Surgeon General Adams Confirms Biden Team Asked Him to Resign

January 20, 2021 Updated: January 20, 2021

Surgeon General Jerome Adams has confirmed that the incoming Biden team requested he step down ahead of President Joe Biden’s inauguration.

Adams made the announcement in a tweet on Jan. 20, several hours before Biden took the oath of office.

“I’ve been asked by the Biden team to step down as Surgeon General,” Adams wrote. “It’s been the honor of my life to serve this Nation, and I will do all I can to ensure everyone has an equal opportunity to achieve and maintain health.”

Biden’s pick for Adams’s replacement is former Surgeon General Vivek Murthy, who has advised Biden on the COVID-19 pandemic.

Adams, who holds the rank of vice admiral in the Commissioned Corps of the U.S. Public Health Service, was confirmed by the Senate in 2017 to serve as surgeon general under the Trump administration. His four-year term was set to expire in September.

In a post on Facebook, Adams reflected on his time in office, noting that his “tenure started with three category 5 hurricanes barreling down on our citizens.”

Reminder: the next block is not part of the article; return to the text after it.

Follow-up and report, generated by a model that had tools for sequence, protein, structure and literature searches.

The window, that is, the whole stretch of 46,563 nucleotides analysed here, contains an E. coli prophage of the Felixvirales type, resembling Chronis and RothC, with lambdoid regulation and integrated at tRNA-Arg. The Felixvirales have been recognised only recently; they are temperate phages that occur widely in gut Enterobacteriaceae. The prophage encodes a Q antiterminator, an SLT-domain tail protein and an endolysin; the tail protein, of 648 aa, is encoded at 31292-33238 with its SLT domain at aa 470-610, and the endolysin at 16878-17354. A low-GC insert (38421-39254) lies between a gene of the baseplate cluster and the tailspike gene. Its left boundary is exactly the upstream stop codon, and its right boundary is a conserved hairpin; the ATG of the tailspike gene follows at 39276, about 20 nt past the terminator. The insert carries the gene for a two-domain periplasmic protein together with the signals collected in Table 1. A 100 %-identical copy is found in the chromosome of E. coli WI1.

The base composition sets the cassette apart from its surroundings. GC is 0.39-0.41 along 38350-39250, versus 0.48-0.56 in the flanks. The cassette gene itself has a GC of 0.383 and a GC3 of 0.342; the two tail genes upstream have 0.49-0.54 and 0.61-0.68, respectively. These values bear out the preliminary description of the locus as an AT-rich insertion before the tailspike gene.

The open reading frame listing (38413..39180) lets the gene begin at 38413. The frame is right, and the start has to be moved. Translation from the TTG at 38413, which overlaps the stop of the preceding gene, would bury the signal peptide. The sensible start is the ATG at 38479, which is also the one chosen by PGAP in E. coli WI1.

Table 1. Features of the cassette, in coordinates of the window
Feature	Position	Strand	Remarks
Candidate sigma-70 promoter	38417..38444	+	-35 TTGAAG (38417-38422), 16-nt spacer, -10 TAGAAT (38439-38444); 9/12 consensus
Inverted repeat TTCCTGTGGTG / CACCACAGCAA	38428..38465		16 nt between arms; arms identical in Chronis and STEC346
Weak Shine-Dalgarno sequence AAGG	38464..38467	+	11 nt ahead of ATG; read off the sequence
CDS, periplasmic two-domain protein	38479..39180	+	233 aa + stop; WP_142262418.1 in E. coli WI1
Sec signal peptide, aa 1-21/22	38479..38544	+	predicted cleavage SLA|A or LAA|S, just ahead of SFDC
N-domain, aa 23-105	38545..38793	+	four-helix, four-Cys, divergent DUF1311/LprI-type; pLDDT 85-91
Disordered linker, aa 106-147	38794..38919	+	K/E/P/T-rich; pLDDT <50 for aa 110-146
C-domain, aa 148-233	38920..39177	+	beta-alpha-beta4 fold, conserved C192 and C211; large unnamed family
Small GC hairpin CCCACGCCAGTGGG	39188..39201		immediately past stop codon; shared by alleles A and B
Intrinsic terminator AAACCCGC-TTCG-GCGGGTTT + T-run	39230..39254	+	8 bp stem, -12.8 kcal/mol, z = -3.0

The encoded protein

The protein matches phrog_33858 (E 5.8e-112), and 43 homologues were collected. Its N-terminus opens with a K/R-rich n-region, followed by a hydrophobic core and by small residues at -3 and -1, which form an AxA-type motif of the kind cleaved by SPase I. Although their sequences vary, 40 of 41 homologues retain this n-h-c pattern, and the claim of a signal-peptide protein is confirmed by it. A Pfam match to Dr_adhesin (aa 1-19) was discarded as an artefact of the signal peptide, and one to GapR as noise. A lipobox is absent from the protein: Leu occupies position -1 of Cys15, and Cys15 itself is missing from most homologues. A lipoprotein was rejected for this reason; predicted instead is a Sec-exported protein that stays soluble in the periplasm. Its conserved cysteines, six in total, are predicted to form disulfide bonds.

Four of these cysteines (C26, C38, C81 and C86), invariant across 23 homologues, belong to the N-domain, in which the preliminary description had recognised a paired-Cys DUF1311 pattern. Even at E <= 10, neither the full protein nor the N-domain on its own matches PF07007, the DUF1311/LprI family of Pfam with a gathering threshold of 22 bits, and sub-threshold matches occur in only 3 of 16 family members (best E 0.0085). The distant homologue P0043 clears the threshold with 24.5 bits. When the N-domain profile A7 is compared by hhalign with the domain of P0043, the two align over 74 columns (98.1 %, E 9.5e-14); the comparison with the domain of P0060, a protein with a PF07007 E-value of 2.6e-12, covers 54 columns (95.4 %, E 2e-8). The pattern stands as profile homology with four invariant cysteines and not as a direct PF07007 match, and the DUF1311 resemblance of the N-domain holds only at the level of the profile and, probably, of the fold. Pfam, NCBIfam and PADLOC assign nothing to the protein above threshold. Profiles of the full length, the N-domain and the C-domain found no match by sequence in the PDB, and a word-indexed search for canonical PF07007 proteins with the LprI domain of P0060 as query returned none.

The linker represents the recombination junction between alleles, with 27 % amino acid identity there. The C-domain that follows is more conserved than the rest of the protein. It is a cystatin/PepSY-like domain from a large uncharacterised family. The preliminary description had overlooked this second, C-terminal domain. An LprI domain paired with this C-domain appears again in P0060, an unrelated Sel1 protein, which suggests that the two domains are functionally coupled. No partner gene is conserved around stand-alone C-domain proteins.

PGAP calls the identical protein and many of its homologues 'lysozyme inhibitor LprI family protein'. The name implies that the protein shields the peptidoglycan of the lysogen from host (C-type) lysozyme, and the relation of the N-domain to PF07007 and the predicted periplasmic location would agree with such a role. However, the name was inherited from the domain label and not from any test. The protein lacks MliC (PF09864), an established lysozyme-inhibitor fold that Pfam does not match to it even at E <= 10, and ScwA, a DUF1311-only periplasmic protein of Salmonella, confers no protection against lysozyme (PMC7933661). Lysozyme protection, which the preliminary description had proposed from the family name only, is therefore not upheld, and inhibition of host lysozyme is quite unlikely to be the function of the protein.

“I immediately deployed to witness the devastation first hand, and to lead our Public Health Service Officers as we helped with the response,” he wrote. “I saw the best of our Nation coming together in the worse of times, to help those who’d lost everything.”

He said he next turned his attention to fighting the opioid epidemic, including by issuing a surgeon general’s advisory that encouraged more people to carry the opioid overdose-reversing drug Naloxone.

“Working across government and with amazing advocacy organizations on the ground—many led by parents who had lost their own children to opioid overdose—we were able to increase Naloxone availability nationwide by over 400 [percent], and save countless lives,” he wrote.

After the COVID-19 pandemic reached America’s shores, Adams said he “sought to communicate the rapidly evolving science on this deadly adversary, and arm people with the knowledge and tools they needed to stay safe.”

“I wasn’t always right—because no one was, and this virus continues to humble all of us—but I was always sincere in my efforts to speak to every day Americans, and address the terrible health inequities this virus exposed,” he wrote.

Looking forward, Adams struck a unifying tone, saying he hopes “we can focus more on what unites us, and rise above what divides us.”

“Because Americans working together can overcome any obstacle or adversary. I stand at the ready to help in our mutual quest for recovery, resilience, and health, and thank you from the bottom of my heart, for the opportunity to serve,” he wrote.

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